Except for Tommy Dicktakes.
By the late sixties, Dicktakes had the prototype for his top fuel dragster well under way. By the mid seventies he came to view his other hot rods as distractions and knuckled down to focus on the dragster exclusively. Dicktakes got the project running in the early 1980s and the local drag racers who witnessed his tests at Sacramento Raceway branded him “Twin Cam Tommy.”
The “twin cam” moniker comes from the design of his engine. Where the Chrysler Hemi-style V8s used in modern top fuel dragsters use a single camshaft with pushrods in the center of the engine, Tom’s engine has a camshaft for each bank of valves – this results in two cams per cylinder head. With there being two cylinder heads on the engine, technically he should be called “Quad Cam Tommy” but no one argues with a nickname.
The only other quad cam top fuel engine was developed in the 1980s by an Australian camshaft company named McGee. Though they started their project more than a decade after Dicktakes, they had the benefit of a large research and development budget and corporate-sponsored professional race teams to do all their testing. A top fuel dragster with a McGee engine set the track record at Sacramento Raceway in 1984. That record still stands. But the sport’s main governing body banned multi-cam top fuel engines in the mid-1990s, forcing McGee to pull the plug on their program.
This has not stopped Dicktakes. He is simply driven to see his dream to completion and to reach his ultimate goal of reaching 300 miles per hour from a standing start at the end of a quarter mile sprint, breaking the record of the only other quad cam engine on the planet. So far he’s managed one run at 240 miles per hour, along with countless aborted attempts as mechanical weaknesses are exposed while doing duty in a homemade car engine that makes an estimated five-thousand horsepower.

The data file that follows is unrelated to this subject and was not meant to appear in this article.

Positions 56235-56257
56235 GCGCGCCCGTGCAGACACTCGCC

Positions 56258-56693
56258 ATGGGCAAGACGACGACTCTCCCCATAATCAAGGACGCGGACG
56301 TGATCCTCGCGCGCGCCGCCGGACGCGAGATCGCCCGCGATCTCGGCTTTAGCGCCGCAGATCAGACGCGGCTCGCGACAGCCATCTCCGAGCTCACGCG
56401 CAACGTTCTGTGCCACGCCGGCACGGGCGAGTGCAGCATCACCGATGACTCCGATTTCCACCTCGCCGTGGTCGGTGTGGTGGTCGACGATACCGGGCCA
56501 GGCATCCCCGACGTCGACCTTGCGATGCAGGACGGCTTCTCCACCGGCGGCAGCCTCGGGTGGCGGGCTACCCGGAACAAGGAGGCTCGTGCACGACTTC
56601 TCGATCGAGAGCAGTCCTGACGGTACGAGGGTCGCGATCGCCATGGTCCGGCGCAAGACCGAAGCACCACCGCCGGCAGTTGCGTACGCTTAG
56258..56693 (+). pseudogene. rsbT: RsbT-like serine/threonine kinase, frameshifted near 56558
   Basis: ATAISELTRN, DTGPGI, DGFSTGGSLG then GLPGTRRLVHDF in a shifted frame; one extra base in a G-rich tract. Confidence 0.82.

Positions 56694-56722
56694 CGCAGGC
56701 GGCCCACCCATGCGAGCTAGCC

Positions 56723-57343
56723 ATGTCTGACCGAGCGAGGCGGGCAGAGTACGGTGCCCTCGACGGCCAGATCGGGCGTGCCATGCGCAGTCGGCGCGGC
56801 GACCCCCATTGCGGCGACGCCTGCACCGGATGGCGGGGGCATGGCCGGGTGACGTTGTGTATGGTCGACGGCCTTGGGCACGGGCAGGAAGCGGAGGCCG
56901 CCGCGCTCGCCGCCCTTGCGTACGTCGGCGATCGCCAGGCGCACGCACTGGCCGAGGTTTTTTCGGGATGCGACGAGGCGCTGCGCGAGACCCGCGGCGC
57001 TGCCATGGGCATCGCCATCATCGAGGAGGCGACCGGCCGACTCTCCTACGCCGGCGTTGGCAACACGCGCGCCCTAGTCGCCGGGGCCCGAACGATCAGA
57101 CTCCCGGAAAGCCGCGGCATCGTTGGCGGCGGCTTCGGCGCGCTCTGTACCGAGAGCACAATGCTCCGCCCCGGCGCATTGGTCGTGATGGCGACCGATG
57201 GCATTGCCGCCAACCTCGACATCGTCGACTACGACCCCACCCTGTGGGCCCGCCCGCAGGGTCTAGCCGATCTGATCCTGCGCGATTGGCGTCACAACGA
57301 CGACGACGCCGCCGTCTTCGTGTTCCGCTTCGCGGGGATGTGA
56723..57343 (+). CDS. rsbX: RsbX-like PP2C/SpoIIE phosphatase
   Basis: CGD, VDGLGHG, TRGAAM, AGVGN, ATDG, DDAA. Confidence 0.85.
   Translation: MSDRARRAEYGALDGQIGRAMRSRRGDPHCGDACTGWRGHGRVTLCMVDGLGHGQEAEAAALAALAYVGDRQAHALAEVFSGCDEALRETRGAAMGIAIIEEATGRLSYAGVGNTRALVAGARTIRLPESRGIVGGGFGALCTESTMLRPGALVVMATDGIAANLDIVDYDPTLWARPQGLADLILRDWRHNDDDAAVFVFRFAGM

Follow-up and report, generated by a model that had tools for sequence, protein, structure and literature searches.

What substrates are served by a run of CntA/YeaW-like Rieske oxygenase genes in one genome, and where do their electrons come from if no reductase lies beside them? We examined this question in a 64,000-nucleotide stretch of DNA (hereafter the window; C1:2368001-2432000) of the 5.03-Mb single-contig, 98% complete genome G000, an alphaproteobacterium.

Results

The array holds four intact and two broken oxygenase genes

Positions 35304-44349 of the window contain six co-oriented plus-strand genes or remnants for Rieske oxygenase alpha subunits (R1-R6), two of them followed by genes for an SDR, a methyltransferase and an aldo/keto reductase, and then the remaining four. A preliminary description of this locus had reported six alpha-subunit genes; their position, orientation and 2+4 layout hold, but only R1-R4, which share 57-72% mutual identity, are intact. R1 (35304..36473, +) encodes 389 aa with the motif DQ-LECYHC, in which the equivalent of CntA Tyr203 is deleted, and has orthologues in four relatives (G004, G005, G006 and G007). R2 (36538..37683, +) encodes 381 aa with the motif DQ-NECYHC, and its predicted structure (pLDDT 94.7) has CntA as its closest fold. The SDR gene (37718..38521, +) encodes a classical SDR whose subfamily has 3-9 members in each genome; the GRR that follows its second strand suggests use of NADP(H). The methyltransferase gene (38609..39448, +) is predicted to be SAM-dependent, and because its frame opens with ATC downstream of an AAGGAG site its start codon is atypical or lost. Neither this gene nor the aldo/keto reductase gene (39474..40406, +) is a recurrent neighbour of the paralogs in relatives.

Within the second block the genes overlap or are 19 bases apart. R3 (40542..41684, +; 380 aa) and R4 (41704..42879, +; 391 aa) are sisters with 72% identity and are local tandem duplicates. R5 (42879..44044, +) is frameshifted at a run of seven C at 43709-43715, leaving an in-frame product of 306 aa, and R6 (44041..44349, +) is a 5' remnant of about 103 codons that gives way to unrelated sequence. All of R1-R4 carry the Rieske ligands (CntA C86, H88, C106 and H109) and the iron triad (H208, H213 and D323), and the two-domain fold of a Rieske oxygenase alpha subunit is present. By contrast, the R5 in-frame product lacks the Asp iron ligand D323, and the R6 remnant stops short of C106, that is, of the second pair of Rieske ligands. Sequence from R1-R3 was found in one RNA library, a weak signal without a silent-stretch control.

Nitromethane costs nearly $25 per gallon, and a single quarter mile run burns nearly 20 gallons of fuel; consequently, Twin Cam Tommy can only afford to test a couple of times a year – and that’s provided nothing major on the engine breaks, requiring months of redesigning, recreating, and reassembling. Despite the cost of fuel and the breaking parts, his biggest obstacle at this point in time, is time itself. Dicktakes knows he doesn’t have another 45-odd years to reach his goal.
Some years he’s only been out once, some not at all. But the work continues every day. He plans to be out at the Sacramento Raceway on October 9th to make another attempt at a record run. Asked about what he thought his chances for success were, Dicktakes told me: “I’ve gotta make it happen this time. I’m running out of chances. I’m afraid that there will be some new safety requirements next year and I can’t add anything more to this car… I feel 100% better this time out that everything is right, so there is some pressure to make it happen.”
That mixture of self-imposed pressure and cautious optimism has kept Tommy going all these years. The commitment to the project has given him what ends up being a life philosophy: “All I can say is, if you feel like you want to do something, even if you feel like it is impossible – just do it! I mean, there are no limits. Even if you don’t succeed, you’re bound to learn something from it. You might learn that you shouldn’t have gone that way and you have to go another way, to start down another avenue. But there are really no limits. If you look at it that way, your hope is there. Everything is working for you. It’s no easy trip, but that’s part of the game – that’s it.”